How many Iraqi civilians have lost their lives
as a result of gunshots and bombings since the US military invaded that oil-rich
Arab nation nearly five years ago?
Credible estimates for the period March 2003 until June 2006 have ranged from
a high of 600,000 to about 47,000. The first figure was reported by researchers
from Johns Hopkins in The Lancet, a venerable British medical journal,
back in October 2006. The second one was projected by the independent organization
Iraq Body Count (IBC).
This week, the World Health Organization (WHO) and the Iraqi Health Ministry
released a joint survey suggesting that no less than 151,000 Iraqis died violently
during that time frame.
The US government does not tally violence-related Iraqi deaths, nor does it
intend to. However, a little over a year ago, President George W. Bush casually
suggested that the numbers could be around 30,000.
So which figures are reliable? It is difficult to say for certain, although
there is no doubt that the US military invasion and occupation is largely
responsible for the huge loss of human life in Iraq.
According to WHO and Iraqi researchers, since the invasion, violence has been
the leading cause of death for Iraqi men between the ages of 15 and 59. About
half of these deaths have taken place in the capital city of Baghdad, according
to the survey, which was largely based on interviews with more than 9,000 households
in nearly 1,000 villages and neighborhoods across the country.
The study did not attempt to determine whether the deaths were caused by Coalition
Forces, militia groups or others. It also omits the period of the most intense
sectarian violence from mid-2006 to mid-2007.
The findings and methodology of the study, entitled "Violence-Related
Mortality in Iraq from 2002 to 2006," were published in the Jan. 8 online
edition of the New England Journal of Medicine (NEJM).
The survey indicates that a year after the US invasion, about 128 Iraqis
were dying every day. That average remained more or less the same until June
2006 when the study was completed.
Though successful in their efforts to complete the survey, researchers acknowledged
that at times they faced great difficulties in obtaining information due to
ongoing violence and displacement.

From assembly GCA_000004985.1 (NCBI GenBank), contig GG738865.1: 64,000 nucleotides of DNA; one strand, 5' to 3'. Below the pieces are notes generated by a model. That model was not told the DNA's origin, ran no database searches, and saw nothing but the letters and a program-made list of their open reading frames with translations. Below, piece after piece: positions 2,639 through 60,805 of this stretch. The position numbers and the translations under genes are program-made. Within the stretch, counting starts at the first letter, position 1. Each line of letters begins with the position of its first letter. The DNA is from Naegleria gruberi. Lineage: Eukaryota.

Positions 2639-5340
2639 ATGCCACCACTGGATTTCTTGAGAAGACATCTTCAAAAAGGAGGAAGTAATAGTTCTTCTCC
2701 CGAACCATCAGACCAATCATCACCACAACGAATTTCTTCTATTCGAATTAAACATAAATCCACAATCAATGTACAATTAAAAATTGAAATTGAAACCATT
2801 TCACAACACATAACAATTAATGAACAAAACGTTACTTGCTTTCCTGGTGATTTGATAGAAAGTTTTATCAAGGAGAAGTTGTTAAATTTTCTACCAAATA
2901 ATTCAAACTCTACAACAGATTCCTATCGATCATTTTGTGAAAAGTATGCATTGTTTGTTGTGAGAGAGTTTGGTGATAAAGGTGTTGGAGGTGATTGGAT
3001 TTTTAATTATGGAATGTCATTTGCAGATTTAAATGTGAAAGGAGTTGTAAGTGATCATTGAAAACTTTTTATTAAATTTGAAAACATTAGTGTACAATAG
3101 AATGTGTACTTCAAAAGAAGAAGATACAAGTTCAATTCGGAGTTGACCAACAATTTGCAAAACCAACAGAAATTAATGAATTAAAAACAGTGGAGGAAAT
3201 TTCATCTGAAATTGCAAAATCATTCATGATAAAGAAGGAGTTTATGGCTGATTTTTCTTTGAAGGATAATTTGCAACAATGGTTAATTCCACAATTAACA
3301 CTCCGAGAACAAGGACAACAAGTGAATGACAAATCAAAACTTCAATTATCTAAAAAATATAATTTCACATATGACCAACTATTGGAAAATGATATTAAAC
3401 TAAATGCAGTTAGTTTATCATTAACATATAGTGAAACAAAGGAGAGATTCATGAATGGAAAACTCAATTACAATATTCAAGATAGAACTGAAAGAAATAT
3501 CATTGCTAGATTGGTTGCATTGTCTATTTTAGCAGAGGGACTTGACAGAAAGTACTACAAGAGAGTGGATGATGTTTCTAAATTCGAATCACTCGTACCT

"Assessment of the death toll in conflict situations is extremely difficult
and household survey results have to be interpreted with caution," said
Mohamed Ali, a WHO statistician and the study's co-author.
As a result, the study's statistical estimates suggest that war-related deaths
range anywhere from 104,000 to 223,000.
If there is no comprehensive death registration and hospital reporting available,
said Ali, then "household surveys are the best we can do."
The new estimate is three times higher than the death toll compiled through
careful screening of media reports and other data by Iraq Body Count and about
four times lower than a smaller-scale household survey conducted by The Lancet.
The Lancet study was based on previously accepted methods for calculating
deaths rates to estimate the numbers of "excess" Iraqi deaths after
the 2003 invasion at 426,369 to 793,663. It said the most likely figure was
in the middle range: 654,965.
Almost 92 percent of those dead, according to the study, were killed by bullets,
bombs or US air strikes, a stunning toll that was more than 10 times the number
of deaths estimated by any organization at the time.
The figures projected in the June 2006 report sent shockwaves across the United
States and the world. It was widely covered by the mainstream press, amid calls
for the Bush administration to reconsider its Iraq policy.
Some critics have expressed discomfort with The Lancet's methodology,
arguing that the statistical analysis is deeply flawed and reeks of political
bias against the United States.
Last week, in a lengthy article published in the National Journal, writers
Neil Munro and Carl Cannon concluded that the study not only "lacks transparency
in the data," but also disengagement from "ideological leanings."
Les Roberts, co-author of The Lancet study, said in a statement Friday
that, "The NEJM article found a doubling of mortality after the
invasion, we found a 2.4-fold increase. Thus, we roughly agree on the number
of excess deaths. The big difference is that we found almost all the increase
from violence, they found one-third of the increase from violence."
"This new estimate is almost four times the 'widely accepted' [Iraq Body
Count] number from June of 2006, our estimate was 12 times higher. Both studies
suggest things are far worse than our leaders have reported," he said.
Roberts also said the NEJM data could reflect an under-reporting of
violent deaths. "It is likely that people would be unwilling to admit violent
deaths to the study workers who were government employees," he noted.
"Finally, their data suggests one-sixth of deaths over the occupation
through June 2006 were from violence. Our data suggests a majority of deaths
were from violence. The morgue and graveyard data I have seen is more in keeping
with our results."
For their part, the WHO-Iraq study's authors openly acknowledge that they were
not able to reach out to all the families they had planned to conduct interviews
with, in part because many people had fled their homes.
"[All] these factors were taken into account in the analysis as they may
affect the accuracy of the survey work," said Salih Mahdi Motlab Al-Hasanawi,
Iraq's minister of health. "Nonetheless, the survey results indicate a
massive death toll since the beginning of the conflict."
WHO officials said the study was originally meant to help Iraqi government
plan its health policies and services. In addition to deaths, the survey also
focused on other health-related issues, such as pregnancy, sexually transmitted
infections, and domestic violence.
(Inter Press Service)